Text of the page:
MarketGraphics Research Group, Inc. v. Berge, No. 18-6177 (6th Cir. 2020)

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Justia Opinion Summary

David and his parents, Don and Martha, were named as defendants in an unfair competition lawsuit brought by MarketGraphics, a company with which Don had previously been associated. Before MarketGraphics could proceed to judgment, Don and Martha filed for Chapter 7 bankruptcy. When MarketGraphics obtained a judgment against David, he filed his own Chapter 7 proceedings. The MarketGraphics judgment included findings that the defendants “willfully or knowingly” violated the Tennessee Consumer Protection Act, willfully infringed upon MarketGraphics’s copyrighted works, acted in concert with Don to violate Don’s non-compete agreement with MarketGraphics, and wrongfully impaired goodwill among Memphis customers.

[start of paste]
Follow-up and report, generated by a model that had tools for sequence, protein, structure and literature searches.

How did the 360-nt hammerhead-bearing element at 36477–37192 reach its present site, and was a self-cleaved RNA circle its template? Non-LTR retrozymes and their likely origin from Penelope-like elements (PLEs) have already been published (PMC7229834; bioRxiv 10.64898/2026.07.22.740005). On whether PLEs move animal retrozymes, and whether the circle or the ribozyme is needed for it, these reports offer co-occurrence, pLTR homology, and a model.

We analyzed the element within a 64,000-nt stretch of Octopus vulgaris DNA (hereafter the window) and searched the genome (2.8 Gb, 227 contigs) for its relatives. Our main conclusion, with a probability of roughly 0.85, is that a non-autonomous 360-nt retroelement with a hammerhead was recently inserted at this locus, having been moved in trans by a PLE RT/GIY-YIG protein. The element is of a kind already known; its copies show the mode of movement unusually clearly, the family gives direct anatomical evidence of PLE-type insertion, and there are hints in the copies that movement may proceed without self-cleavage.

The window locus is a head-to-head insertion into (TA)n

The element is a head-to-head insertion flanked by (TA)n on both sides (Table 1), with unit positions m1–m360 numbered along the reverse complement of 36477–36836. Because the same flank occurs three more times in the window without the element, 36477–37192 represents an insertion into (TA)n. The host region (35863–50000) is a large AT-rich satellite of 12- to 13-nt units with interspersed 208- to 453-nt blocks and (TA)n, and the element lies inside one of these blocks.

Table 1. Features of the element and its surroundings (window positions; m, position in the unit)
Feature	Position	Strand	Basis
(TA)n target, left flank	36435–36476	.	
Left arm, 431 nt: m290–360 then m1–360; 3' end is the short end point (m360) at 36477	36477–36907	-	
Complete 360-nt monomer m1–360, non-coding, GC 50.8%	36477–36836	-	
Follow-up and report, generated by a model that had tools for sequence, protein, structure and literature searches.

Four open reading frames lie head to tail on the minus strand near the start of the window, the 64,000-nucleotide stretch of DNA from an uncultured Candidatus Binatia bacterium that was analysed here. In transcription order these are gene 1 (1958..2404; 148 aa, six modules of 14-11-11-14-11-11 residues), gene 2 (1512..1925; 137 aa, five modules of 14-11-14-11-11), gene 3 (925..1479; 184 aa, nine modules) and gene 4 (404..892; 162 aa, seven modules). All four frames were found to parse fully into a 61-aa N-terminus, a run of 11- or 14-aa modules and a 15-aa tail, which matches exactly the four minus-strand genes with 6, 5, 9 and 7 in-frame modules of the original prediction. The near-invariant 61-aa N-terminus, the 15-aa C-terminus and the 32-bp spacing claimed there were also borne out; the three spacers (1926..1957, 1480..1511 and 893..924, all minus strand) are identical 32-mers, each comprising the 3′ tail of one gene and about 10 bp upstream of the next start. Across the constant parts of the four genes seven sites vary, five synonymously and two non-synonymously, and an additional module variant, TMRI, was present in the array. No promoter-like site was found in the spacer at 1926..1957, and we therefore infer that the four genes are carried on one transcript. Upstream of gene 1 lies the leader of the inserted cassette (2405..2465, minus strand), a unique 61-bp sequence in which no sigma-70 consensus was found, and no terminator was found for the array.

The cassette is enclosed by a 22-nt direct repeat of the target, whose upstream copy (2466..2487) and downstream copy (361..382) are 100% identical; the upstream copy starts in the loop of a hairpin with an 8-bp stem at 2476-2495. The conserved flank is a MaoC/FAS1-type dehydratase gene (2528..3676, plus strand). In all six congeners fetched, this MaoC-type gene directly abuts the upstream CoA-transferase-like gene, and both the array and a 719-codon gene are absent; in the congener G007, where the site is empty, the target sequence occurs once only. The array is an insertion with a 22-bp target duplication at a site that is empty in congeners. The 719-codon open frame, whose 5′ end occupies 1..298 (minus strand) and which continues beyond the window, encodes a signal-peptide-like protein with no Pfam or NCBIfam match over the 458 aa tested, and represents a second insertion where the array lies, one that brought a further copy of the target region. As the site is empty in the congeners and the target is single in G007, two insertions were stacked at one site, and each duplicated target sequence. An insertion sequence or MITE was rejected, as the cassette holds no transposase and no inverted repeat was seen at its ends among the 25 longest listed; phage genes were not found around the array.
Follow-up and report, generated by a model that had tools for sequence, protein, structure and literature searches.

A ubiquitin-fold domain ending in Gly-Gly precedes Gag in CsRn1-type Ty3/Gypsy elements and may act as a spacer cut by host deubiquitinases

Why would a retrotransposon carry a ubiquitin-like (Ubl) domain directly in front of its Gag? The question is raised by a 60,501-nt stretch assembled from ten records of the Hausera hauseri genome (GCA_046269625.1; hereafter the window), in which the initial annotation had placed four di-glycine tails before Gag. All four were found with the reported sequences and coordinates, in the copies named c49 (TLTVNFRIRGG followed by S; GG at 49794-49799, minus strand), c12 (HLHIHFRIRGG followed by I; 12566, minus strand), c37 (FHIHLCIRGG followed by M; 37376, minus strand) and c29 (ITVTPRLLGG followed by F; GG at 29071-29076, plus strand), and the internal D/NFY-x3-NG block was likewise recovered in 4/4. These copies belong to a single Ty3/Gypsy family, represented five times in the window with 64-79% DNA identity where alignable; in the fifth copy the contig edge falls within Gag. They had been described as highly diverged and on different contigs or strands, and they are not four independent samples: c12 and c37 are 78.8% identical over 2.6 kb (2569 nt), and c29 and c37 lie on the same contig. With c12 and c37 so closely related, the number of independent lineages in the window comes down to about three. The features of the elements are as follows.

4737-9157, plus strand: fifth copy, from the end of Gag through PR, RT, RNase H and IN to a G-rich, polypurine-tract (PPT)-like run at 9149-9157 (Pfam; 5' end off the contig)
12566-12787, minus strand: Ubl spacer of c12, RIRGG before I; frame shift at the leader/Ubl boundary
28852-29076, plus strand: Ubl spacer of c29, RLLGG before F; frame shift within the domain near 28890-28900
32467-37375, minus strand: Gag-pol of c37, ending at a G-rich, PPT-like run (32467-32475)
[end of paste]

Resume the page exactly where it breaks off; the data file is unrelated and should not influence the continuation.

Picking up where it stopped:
In David’s bankruptcy proceeding, MarketGraphics initiated adversary proceedings, asserting that its claim should be exempted from discharge under 11 U.S.C. 523(a)(6), which prevents a debtor from discharging claims for injuries he willfully and maliciously caused. The bankruptcy court denied MarketGraphics’s request. The Sixth Circuit affirmed. Nothing in the record of these proceedings or the proceedings for the underlying judgment supports a finding that David acted with the requisite intent under section 523(a)(6) to harm MarketGraphics. The court rejected MarketGraphics’s contention that it was precluded from reviewing that issue in the first instance. Even assuming that the common law claims facially demonstrate “willful and malicious” injury, the underlying judgment is too vague to carry preclusive effect.